Short promotional preview featuring myself:
Short promotional preview featuring myself:
This semester I’m taking a class called “Anthropology of Poetry and Prayer” for which I’m currently reading Carl W. Ernst’s Sufism: An Introduction to the Mystical Tradition of Islam. More than anything I learned from the bulk of the content about Sufism specifically, I was especially struck by certain facts he relayed about history and scholarship on Islam in general. For example, in the Preface (pg. xvi):
The Arabic term islam itself was of relatively minor importance in classical theologies based on the Qur’an; it literally means submission to God, and it denotes the minimal external forms of compliance with religious duty. If one looks at the works of theologians such as the famous Abu Hamid al-Ghazali (d. 1111), the key term of religious identity is not islam but iman, or faith, and the one who possesses it is the mu’min or believer. Faith is one of the major topics of the Qur’an, mentioned hundreds of times in the sacred text. In comparison, islam is a relatively uncommon term of secondary importance; it only occurs eight times in the Qur’an. Since, however, the term islam had a derivative meaning relating to the community of those who have submitted to God, it became practically useful as a political boundary term, both to outsiders and to insiders who wished to draw lines around themselves.
I have never heard of this before; this shocks me both because I grew up in a Muslim household and attended Islamic Sunday school, where the idea of “Islam” as such in defining what we were learning was never questioned, but also because I’ve been studying Islam through anthropology for a while and have yet to come across this fact—and perhaps never would have if I hadn’t read this text. To be sure, the fact of a word meaning “submission” defining the religion was never significant to my interpretation of Islam to begin with. But it’s fascinating to consider the implications of that word, as opposed to others, coming to define the religion.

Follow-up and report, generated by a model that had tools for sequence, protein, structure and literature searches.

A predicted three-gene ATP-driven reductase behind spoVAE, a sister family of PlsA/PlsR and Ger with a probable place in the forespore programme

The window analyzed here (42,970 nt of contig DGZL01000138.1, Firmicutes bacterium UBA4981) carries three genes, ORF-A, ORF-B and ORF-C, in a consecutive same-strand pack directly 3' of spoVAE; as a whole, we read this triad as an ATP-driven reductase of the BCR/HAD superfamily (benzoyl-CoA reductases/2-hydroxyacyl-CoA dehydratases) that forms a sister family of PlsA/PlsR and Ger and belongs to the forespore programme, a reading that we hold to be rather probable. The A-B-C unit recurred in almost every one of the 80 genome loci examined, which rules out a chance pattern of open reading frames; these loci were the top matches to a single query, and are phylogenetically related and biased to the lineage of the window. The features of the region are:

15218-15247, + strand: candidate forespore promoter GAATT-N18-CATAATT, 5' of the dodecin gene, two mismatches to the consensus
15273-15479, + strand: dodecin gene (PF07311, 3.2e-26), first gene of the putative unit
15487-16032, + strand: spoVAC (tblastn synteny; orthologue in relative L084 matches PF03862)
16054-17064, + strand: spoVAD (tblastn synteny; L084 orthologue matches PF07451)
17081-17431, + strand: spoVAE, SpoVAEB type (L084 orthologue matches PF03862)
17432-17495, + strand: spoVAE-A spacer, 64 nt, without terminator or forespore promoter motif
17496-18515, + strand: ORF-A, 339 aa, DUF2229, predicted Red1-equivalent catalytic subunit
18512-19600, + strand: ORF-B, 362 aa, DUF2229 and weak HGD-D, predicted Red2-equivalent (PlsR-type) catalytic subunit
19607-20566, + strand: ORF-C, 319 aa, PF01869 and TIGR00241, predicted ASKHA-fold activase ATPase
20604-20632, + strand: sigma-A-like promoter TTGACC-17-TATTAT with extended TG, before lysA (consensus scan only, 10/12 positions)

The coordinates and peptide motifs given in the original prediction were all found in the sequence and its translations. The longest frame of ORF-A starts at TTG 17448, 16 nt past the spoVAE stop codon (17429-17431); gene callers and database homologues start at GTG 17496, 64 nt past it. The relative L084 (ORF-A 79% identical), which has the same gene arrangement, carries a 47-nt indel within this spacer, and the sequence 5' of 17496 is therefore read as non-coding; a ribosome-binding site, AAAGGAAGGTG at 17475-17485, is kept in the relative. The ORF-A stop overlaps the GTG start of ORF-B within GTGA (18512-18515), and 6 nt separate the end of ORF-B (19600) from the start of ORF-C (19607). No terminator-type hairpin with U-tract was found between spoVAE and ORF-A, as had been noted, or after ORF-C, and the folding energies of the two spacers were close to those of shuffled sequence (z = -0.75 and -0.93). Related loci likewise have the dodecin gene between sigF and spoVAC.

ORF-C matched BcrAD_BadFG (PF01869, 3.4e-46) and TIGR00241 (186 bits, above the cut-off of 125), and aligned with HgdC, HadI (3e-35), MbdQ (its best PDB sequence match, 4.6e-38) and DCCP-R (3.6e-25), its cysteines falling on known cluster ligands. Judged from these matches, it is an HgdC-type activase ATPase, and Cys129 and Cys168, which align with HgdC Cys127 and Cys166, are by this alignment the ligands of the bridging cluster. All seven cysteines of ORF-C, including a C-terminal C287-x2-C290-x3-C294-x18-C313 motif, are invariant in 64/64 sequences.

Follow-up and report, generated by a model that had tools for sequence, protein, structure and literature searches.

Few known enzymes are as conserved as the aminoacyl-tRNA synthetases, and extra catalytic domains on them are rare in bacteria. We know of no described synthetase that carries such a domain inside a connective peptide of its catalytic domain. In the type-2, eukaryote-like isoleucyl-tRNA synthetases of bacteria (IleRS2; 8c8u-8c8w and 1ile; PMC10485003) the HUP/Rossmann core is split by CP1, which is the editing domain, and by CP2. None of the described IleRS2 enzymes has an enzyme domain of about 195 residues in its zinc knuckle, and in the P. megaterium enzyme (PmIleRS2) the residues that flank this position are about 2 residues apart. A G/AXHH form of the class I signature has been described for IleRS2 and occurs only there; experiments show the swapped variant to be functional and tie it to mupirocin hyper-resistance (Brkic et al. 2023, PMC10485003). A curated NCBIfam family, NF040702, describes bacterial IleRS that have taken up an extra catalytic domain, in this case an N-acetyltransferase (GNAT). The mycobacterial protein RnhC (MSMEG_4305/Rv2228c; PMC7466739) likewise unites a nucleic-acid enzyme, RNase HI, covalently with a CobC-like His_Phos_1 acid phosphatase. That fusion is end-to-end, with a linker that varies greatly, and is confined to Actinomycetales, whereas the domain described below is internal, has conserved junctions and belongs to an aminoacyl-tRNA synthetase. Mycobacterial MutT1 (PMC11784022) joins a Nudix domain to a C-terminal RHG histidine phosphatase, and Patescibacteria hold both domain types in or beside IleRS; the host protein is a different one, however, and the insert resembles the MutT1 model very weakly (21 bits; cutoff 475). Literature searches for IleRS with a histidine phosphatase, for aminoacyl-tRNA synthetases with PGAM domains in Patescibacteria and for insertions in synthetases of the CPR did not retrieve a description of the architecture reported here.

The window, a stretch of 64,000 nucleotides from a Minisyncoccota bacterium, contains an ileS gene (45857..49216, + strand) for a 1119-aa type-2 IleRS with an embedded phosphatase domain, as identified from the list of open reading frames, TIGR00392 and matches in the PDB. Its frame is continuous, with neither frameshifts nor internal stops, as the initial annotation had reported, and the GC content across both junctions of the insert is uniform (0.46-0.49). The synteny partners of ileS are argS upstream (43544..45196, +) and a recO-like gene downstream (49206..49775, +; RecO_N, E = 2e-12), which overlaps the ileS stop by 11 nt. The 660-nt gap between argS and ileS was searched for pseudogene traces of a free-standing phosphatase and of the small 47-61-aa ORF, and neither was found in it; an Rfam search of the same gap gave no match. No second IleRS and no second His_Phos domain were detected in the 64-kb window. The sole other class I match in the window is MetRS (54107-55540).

This is an especially long post on an especially packed day, so here are some internal links if you want to navigate quickly to a specific section: (1) Tour of al Bastakiya village (2) The Sheikh Mohammed Centre for Cultural Understanding (3) “Little India” at the Dubai souq (4) The pride of Dubai (5) One more mall & final reflections
Our exploration of Dubai started in a traditional community that seemed out of place among the surrounding fast cars and glittering skyscrapers. This was al Bastakiya, one of Dubai’s oldest villages that has managed to preserve itself in the face of industrial expansion and development.
Before departing for Abu Dhabi, Mark made sure to give us a good briefing on the Emirates and the broader region. Disclaimer: this is generally the case, but I don’t mean to relay everything here as fact—it is largely Mark’s interpretation, and my own interpretation of his account of his interpretation—thus not only may I misrepresent something he’s said, but there are always alternative analyses of the complicated events still unfolding in the region. And oversimplifications may arise from both mine and Mark’s need to quickly summarize. Basically, I am still learning and trying to wrap my head around the important intricacies of Middle East politics, so forgive me (and correct me) if I get something wrong—and if you’ve interpreted events differently, please share your own thoughts. Anyways…
During our final morning in Oman, we had one last meeting—breakfast with Dr. Abdulrahman Al-Salmi, who works at the Ministry of Religious Affairs and is one of the leading experts on Muslim-Christian relationships in the Middle East. In our discussion about interfaith issues, Dr. Al-Salmi described how Oman’s Port of Sohar was once a “Gate to the Oriental,” facilitating interaction and trade between Oman and various other countries and cultures during medieval times. He noted how, at that time, the country used to have a Jewish population that is largely absent now—although there is still considerable diversity in terms of Muslim sects. He also claimed that the Muttrah souq is emblematic of Oman’s diversity, as its shop-owners come from a large variety of religious backgrounds.
Driving through Muscat on our first night I noticed a huge, lit-up structure, impossible to miss from any angle—even from the sky (I could see it from the airplane as well). This was the Sultan Qaboos Grand Mosque, ordered to be built in 1992 by then-and-current Sultan of Oman, Qaboos bin Said Al Said. Building started in 1995, and in 2001, only six years later, this impressive structure was completed.
So of course, on Monday morning, we hopped on a baisa bus (an inexpensive transportation service named after Oman’s smallest denomination of currency, the baisa) to begin our trip by visiting this beautiful house of worship.